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South African Dental Journal

versão On-line ISSN 0375-1562
versão impressa ISSN 0011-8516

S. Afr. dent. j. vol.76 no.5 Johannesburg Jun. 2021




Virtue ethics in dentistry - a model for developing virtuous dental practitioners



HD MiniggioI; PD MotlobaII; CS WarehamIII

IBDS (UMF, Cluj-Napoca), MScMed (Bioethics and Health Law) (Wits), PGDip (Health Sciences Education) (Wits), Senior Lecturer, Department of Oral & Maxillofacial Pathology, Oral Microbiology & Oral Biology, Sefako Makgatho Health Sciences University, South Africa. ORCID Number: 0000-0003-2003-0306
IIBDS, MPH (Epid), MDent (Comm. Dent), MBL, Head, Department of Community Dentistry, School of Oral Health Sciences, Sefako Makgatho Health Sciences University, South Africa. ORCID Number: 0000-0003-1379-7576
IIIBA Hons (Rhodes), MA (Rhodes), PhD (Milan), Associate Professor, Steve Biko Centre for Bioethics, School of Clinical Medicine, Faculty of Health Sciences, University of the Witwatersrand, South Africa. ORCID Number: 0000-0003-1631-8868





There is a renewed appreciation of the contribution of virtue ethics in clinical healthcare practice, including dentistry. This interest in virtue ethics highlights the limitations of only focusing on the development of clinical skills and competence or mere adherence to a set of ethical rules and guidelines. There is also a growing interest and appreciation that an equally important and integral aspect of dental practice is the development of a virtuous character. From this virtue ethics perspective, a virtue is an excellent trait of character, a disposition, well entrenched in its possessor.1

When applied to health care, virtues are those character traits that are important for healthcare practitioners to develop, thereby improving the dental practitioner-patient relationship. In so doing, the healthcare practitioner is able to reciprocate the trust that patients place in the profession. In the context of dental practice, the development and exercise of the virtues of trustworthiness, integrity, discernment, conscientiousness and compassion are considered essential in guiding dental practitioners in their interactions with patients.2 A virtuous character develops from continuous practice and from emulating good role models.3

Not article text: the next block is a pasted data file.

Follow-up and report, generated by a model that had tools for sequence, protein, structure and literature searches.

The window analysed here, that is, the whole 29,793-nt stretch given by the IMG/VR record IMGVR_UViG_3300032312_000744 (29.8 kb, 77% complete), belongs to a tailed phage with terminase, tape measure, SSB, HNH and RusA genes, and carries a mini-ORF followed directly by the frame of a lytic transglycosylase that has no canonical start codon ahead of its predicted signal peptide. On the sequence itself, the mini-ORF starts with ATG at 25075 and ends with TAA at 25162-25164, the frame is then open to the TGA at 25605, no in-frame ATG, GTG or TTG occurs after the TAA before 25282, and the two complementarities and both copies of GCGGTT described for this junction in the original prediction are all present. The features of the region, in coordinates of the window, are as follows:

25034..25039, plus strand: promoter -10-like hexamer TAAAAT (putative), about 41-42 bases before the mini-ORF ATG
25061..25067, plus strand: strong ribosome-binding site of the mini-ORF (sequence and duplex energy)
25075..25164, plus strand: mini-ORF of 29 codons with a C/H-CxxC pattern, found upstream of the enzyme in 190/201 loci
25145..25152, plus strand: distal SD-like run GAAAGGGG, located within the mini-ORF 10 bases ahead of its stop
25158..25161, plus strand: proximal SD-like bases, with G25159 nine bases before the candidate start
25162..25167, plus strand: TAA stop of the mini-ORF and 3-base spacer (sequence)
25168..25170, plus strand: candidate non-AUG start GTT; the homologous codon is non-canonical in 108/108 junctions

In the case of dental practice, one of the sources of role modelinga these virtues would presumably be the clinical supervisorsb who teach dental students during supervised dental treatment and interaction with the patient at the chair-side. Although great strides have recently been made in identifying the clinical competencies and qualities which are required for effective clinical teaching, these qualities are discussed in the literature in a fragmented fashion under the umbrella of professionalism in dental practice.3 Further to this, evidence suggests that "clinicians often occupy a clinical teaching role without being adequately prepared for or orientated to the associated demands".4-7 Given the significance of this source of role modeling in shaping the moral character of future dental practitioners, it is surprising that the virtues that clinical supervisors should develop and routinely demonstrate during dental chair-side teaching and patient interaction are not directly addressed in current literature.

In this article we propose a preliminary model for understanding and incorporating virtues as part of the development of the moral character of the dental practitioner drawing on Aristotelian virtue ethics. We firstly provide a brief overview of Aristotelian virtue ethics and the development of a virtuous character and then describe how Aristotle's virtue ethics can be integrated in dental chair-side teaching. To this end, we propose an interactive model with the following conceptual propositions:

(i). Virtues can be taught by role modeling as part of the authentic patient-dental student-clinical supervisor interaction during clinical teaching at the chair-side.

(ii). Clinical supervisors are in an ideal position in their dual function of dental practitioner and teacher in this reallife clinical scenario, thus are able to play a critical role in the development of character during chair-side dental training.